moderately low to moderately high
efficacy to teach children with deafblindness, with two small clusters of participants at the extreme top and extreme
bottom ends of the scale. The Wright map

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Table 2
Proficiency estimates for the partial credit
model: Respondents with low misfitting
response patterns.

Table 3
Proficiency estimates for the partial credit
model: Respondents with high misfitting
response patterns.









indicated that these two groups of teachers assessed themselves as having extremely low or extremely high efficacy to
teach children who are deaf-blind. Overall, the participant fit of the TEDE, as
analyzed by visual inspection of the
Wright map, showed there was a good
distribution of participants across the majority of the items, especially in the middle range of the construct.
An additional analysis of participant fit
was calculated by examining the ability estimates for each teacher. A mean square fit
statistic between .75 and 1.33, paired with a
significant t value (values between -2 and
2), was used to indicate a good participant
fit, in other words, responses that were consistent with the expectations of the measurement model (Wilson, 2005). In the final
calibration for this pilot study, 22 of the 87
participants were considered to have misfitting response patterns. Fifteen of these
teachers had a low fit index (see Table 2)
and responded to the items in a more rigid
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order than expected. Their poor-fitting response patterns only flag a pattern and do
not indicate anything causal. They may be
due to random fluctuations, which are expected in a probalistic model, and may indicate that there was less variation than the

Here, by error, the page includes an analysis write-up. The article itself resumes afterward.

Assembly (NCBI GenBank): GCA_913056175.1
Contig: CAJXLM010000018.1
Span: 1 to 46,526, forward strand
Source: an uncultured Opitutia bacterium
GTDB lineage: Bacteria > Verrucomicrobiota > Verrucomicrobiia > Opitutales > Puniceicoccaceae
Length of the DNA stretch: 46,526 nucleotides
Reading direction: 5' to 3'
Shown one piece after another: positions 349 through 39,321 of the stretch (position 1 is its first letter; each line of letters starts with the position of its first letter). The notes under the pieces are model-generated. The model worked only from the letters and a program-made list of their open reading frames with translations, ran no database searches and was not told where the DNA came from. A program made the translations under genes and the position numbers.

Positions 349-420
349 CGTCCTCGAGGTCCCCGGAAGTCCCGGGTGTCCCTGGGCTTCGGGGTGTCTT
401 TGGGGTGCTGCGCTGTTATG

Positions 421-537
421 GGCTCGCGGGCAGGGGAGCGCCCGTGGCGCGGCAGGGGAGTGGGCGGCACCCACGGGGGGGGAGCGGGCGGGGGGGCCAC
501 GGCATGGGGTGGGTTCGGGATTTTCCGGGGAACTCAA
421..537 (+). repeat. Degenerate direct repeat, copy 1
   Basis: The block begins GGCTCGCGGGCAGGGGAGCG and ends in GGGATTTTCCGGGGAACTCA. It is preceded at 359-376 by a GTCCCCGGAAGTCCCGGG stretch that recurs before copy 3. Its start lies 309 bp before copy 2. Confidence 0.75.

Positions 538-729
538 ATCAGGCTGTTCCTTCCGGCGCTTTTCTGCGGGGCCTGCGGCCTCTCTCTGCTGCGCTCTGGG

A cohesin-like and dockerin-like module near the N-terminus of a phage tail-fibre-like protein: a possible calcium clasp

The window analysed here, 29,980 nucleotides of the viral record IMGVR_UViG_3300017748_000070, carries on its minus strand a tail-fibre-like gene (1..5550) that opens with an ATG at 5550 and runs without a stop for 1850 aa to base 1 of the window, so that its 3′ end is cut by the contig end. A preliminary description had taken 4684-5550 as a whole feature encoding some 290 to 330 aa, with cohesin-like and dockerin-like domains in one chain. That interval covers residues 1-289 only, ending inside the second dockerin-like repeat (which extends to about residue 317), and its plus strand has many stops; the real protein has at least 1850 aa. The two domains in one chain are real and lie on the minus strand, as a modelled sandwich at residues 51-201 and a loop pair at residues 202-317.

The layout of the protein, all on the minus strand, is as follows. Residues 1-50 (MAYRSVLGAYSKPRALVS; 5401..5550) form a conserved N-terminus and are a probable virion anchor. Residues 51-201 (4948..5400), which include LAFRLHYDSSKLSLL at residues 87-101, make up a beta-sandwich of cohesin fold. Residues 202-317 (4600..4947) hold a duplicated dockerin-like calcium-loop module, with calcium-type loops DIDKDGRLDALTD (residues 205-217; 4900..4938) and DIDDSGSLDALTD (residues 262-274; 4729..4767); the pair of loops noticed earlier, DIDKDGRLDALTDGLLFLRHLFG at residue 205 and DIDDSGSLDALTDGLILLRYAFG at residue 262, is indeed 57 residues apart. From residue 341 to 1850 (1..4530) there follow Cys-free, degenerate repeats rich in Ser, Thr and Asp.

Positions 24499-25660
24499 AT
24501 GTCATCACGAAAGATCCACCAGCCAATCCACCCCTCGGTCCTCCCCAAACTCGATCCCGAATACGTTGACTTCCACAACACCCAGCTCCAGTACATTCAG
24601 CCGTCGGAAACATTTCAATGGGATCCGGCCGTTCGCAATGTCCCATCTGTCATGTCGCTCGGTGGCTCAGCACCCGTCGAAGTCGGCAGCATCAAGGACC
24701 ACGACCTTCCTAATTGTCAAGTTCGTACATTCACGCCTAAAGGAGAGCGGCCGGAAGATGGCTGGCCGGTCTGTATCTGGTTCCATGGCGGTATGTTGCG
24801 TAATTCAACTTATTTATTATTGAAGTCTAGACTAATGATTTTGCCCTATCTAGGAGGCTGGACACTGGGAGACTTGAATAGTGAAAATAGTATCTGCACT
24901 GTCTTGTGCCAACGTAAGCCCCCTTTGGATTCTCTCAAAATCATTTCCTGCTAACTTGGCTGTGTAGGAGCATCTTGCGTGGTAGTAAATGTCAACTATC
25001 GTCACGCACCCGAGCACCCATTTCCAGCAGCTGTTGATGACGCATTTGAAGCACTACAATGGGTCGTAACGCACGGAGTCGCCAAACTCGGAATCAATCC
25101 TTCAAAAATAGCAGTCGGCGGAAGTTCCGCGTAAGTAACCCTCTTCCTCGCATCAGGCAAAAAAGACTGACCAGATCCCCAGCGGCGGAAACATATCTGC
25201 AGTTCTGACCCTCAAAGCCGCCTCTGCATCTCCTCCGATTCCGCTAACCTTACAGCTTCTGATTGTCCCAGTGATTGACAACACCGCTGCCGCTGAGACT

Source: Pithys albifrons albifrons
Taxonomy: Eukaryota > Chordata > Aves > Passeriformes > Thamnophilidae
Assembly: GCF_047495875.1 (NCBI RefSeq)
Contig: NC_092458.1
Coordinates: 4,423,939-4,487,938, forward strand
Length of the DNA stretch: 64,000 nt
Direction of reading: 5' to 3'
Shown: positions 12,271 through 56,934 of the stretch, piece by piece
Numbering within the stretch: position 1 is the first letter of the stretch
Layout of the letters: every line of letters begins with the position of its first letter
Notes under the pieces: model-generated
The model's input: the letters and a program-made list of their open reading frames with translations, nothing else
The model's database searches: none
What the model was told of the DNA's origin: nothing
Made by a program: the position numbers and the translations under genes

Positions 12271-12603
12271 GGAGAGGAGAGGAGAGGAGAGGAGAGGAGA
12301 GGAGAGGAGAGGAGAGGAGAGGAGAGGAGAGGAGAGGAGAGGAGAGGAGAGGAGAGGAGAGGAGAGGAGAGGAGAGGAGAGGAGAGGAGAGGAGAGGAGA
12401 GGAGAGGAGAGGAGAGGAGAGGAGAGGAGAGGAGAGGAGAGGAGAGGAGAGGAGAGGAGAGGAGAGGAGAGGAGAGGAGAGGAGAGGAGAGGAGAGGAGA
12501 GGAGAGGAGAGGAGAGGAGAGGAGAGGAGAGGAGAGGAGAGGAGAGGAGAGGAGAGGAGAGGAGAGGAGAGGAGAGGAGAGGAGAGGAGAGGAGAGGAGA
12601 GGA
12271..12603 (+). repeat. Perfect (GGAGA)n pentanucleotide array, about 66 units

model predicted (Wilson, 2005). Likewise,
7 teachers had a high fit index (see Table 3)
and were responding in a more random
order than expected. After a review of
the 7 teachers scores and diagnostic
maps, it was apparent that, for the most
part, these teachers had variations in
their responses that were not troublesome but, rather, showed that their confidence varies, depending on the type of
teaching tasks (such as items about curriculum planning, assessment, difficult
behavior, and students engagement).

The Wright map was used to analyze the
fit of the items on the TEDE. The item
threshold distribution ranged from approximately 6 logits to 5 logits, almost
the entire scale. There were no items at
either extremes of the logit scale, which
indicates that there were no items that
tapped into the confidence of people who
are extremely efficacious or not efficacious

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Table 4
Final subset: Items included in the pilot study of the TEDE.
















Improve the understanding of a deaf-blind student who is not achieving or learning

Respond effectively to difficult behaviors from your students with deaf-blindness
Respond appropriately and effectively to students with deaf-blindness who are
Provide appropriate challenges for very capable students with deaf-blindness
Provide an alternative explanation or activity when students with deaf-blindness are
Motivate students with deaf-blindness who show low interest in school
Make your expectations clear about students behavior to children with deafblindness
Keep a few challenging behaviors from ruining lessons when teaching a child with
Implement a behavioral management plan for one student with deaf-blindness that
does not disrupt other students
Help your students who are deaf-blind enjoy communicating and interacting
Get through to the most challenging students who are deaf-blind
Get students with deaf-blindness to work collaboratively with other students or peers
in their school
Get students with deaf-blindness to believe they can do well in school
Get children with deaf-blindness to behave safely in school
Foster independence and self-determination in children who are deaf-blind
Express views freely on important matters about children with deaf-blindness
Establish a trusting relationship with students with deaf-blindness
Encourage students who are deaf-blind to expand their communication skills
Control disruptive behavior in the classroom caused by children with deaf-blindness
Calm a student with deaf-blindness who is disruptive
Adapt to adverse medical conditions that affect the learning of students who are
Accommodate or adapt lessons to students with deaf-blindness

Note: OItem: Original TEDE item number. SItem: Subset TEDE item number, to be used in future

in teaching children who are deaf-blind.

The item thresholds were distributed well,
especially in the middle range of the
scale, an indication that the instrument
worked well in differentiating teachers
who had high to low levels of selfefficacy in deaf-blindness education.